I have a Trion cm200 installed on my air handler up in the attic of my house. Toward the end of 2018 I had an entire electric system installed in my house (duct work, air handler and outside condenser ) . Did away with the old oil burning radiator system. I decided to have them install a humidifier while they were at it. Keep in mind all this was done while house was under construction. I was not living there at the time.

The first time I used the humidifier, i set it to roughly 40% because the humidistat has a guide on the front that says what percentage to set the humidity in comparison to the outdoor temperature. At the time was roughly 10-20° outside for a couple weeks. The next day my hallway ceiling was leaking. The humidifier ran so much that the air handler actually took water in and was just dripping non stop. I shut it off. cleaned it up then a couple weeks later I tried it again. Same thing happened. I did not call the installers back because they were friends of mine and (“ I got what I paid for”). Also I don’t think the installer was that familiar with installing a humidifier. However they did a great job with the rest of the system. I shut the humidifier off for the rest of the season.

Summer passed. AC worked great. This winter 2019-2020 is here and we been running the heat with no humidifier because I was nervous. About 3 weeks ago I decided to give it a try. I turned it up slightly to 10% on the humidistat And the humidity in the house changed slightly from 25% to low 30% after a few days. So after that I cranked it up to about 15% on the humidistat and let it go from there. I would gradually check my Nest thermostats. (I have 2 zones. 1 on first floor other on second floor). The house was hovering anywhere from 37%-42%. So I figured it was working properly. I noticed I been waking up the past few days with a very dry nose. The thermostats are reading 25% again...

So here I am no seeking help. It seems like I read elsewhere that the return vent is a good location for the humidistat. Mine is on the return but it’s after the humidifier in the flow of air. So it’s like this. (Return air —> humidifier —> humidistat—> air handler—> vents) I’m wondering if the humidistat is getting false readings because it may be after the humidifier but I don’t know if that’s why. Just a thought. Also another question is. Can I bypass the humidistat and run the humidifier off my nest? I do have spare wire running to the thermostat. I will attach a photo bellow. The arrows indicate air flow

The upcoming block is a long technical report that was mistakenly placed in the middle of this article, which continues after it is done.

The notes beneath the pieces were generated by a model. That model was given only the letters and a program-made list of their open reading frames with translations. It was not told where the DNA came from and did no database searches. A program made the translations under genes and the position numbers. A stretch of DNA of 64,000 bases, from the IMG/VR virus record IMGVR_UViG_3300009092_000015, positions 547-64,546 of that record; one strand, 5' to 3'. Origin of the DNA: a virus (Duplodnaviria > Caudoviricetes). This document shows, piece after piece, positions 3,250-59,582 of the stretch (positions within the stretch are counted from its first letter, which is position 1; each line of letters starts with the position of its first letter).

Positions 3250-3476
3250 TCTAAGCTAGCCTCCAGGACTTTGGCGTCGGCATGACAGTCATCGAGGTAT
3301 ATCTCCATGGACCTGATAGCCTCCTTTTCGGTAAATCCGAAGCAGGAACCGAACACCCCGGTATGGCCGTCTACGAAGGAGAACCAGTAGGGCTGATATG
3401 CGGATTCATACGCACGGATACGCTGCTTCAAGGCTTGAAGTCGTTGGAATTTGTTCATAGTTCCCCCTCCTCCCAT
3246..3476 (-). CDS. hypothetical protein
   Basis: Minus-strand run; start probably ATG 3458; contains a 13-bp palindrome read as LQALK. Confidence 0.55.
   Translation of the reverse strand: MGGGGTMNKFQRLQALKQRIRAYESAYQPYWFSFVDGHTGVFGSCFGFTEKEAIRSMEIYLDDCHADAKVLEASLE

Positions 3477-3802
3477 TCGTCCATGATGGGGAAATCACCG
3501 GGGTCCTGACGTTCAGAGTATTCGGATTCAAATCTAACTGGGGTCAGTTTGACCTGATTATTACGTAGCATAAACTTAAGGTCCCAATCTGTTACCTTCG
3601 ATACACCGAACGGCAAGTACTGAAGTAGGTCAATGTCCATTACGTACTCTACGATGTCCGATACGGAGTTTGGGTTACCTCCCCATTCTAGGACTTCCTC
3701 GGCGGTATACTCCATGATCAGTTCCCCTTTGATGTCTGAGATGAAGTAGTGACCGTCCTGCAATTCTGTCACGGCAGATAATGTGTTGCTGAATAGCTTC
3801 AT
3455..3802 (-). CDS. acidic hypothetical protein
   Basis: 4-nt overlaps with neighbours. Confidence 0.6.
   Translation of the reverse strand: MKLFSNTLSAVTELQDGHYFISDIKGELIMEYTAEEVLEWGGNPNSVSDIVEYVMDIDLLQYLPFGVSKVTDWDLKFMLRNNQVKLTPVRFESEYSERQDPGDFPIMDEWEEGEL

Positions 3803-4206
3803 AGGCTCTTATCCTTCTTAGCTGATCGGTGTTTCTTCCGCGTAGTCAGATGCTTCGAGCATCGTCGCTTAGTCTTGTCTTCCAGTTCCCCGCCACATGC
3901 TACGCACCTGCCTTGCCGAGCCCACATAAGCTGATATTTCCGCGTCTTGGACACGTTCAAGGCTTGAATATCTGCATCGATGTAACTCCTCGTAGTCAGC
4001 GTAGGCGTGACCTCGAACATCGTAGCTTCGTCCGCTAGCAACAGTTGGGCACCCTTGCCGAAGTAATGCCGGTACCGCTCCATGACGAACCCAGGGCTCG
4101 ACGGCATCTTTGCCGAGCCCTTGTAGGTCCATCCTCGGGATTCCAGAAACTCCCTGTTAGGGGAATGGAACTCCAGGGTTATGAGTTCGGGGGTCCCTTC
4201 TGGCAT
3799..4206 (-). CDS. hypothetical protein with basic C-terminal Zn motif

Thank you in advanced for infoenter image description here

  • "The humidifier ran so much that the air handler actually took water in and was just dripping non stop." - forget about where the sensor is (which doesn't really matter, I read once that humidity disperses at 25' per second... it is where it should be anyway - on the return chamber), that's your problem. It should be able to run 24/7 and that not happen. Reduce the flow on the bypass.
    – Mazura
    Jan 10, 2020 at 1:25
  • So I should adjust close the damper to let less air flow through the bypass vent? Jan 10, 2020 at 11:49
  • It has a damper; that's an easy fix. That bypass duct isn't where it should be. It's directly on the unit instead of further down on the plenum chamber, so it gets blasted.
    – Mazura
    Jan 10, 2020 at 14:42
  • Double check the connections in the humidistat control. If there are 3 terminals, the control may have both normally open and normally closed contacts. This would enable the control to work either as a humidistat or as a dehumidistat.
    – John Canon
    Jan 12, 2020 at 2:47
  • Did they put a pressure switch on? If the unit has its own power it may be running after the furnace shuts off. The pressure switch will turn it of when it senses no air flow. Also, you may want to adjust the amount of water going through the system by closing the valve some. Mar 4, 2020 at 21:42

1 Answer 1


Two points. First, be sure you are using a humidistat and not a dehumidistat. With a humidifier you need a control (humidistat) that shuts off the unit when the humidity gets too high. When you have a dehumidifier or HRV you need a control (dehumidistat) that shuts off the unit when the humidity gets too low. From your description your control just keeps the humidifier going and going, like a dehumidistat telling the humidifier to keep running. Second, the humidistat should be in a location that reflects the actual humidity of the dwelling space. An open wall near the return vent would work.

  • 1
    The humidistat came with the humidifier. So I would hope I have the correct one. But I guess things can always be packaged incorrectly Jan 10, 2020 at 11:40
  • On my furnace, the humidstat is upstream of the humidifier in the return plenum. It should sense the air before treatment. Maybe if you were to move it to left of your active unit (given the photo showing left to right flow)
    – DaveM
    Apr 4, 2020 at 1:17
  • Ditto that...the air is humidified as it leaves the furnace, the sensor is in the return plenum where the air returns to the furnace. Apr 4, 2020 at 14:46

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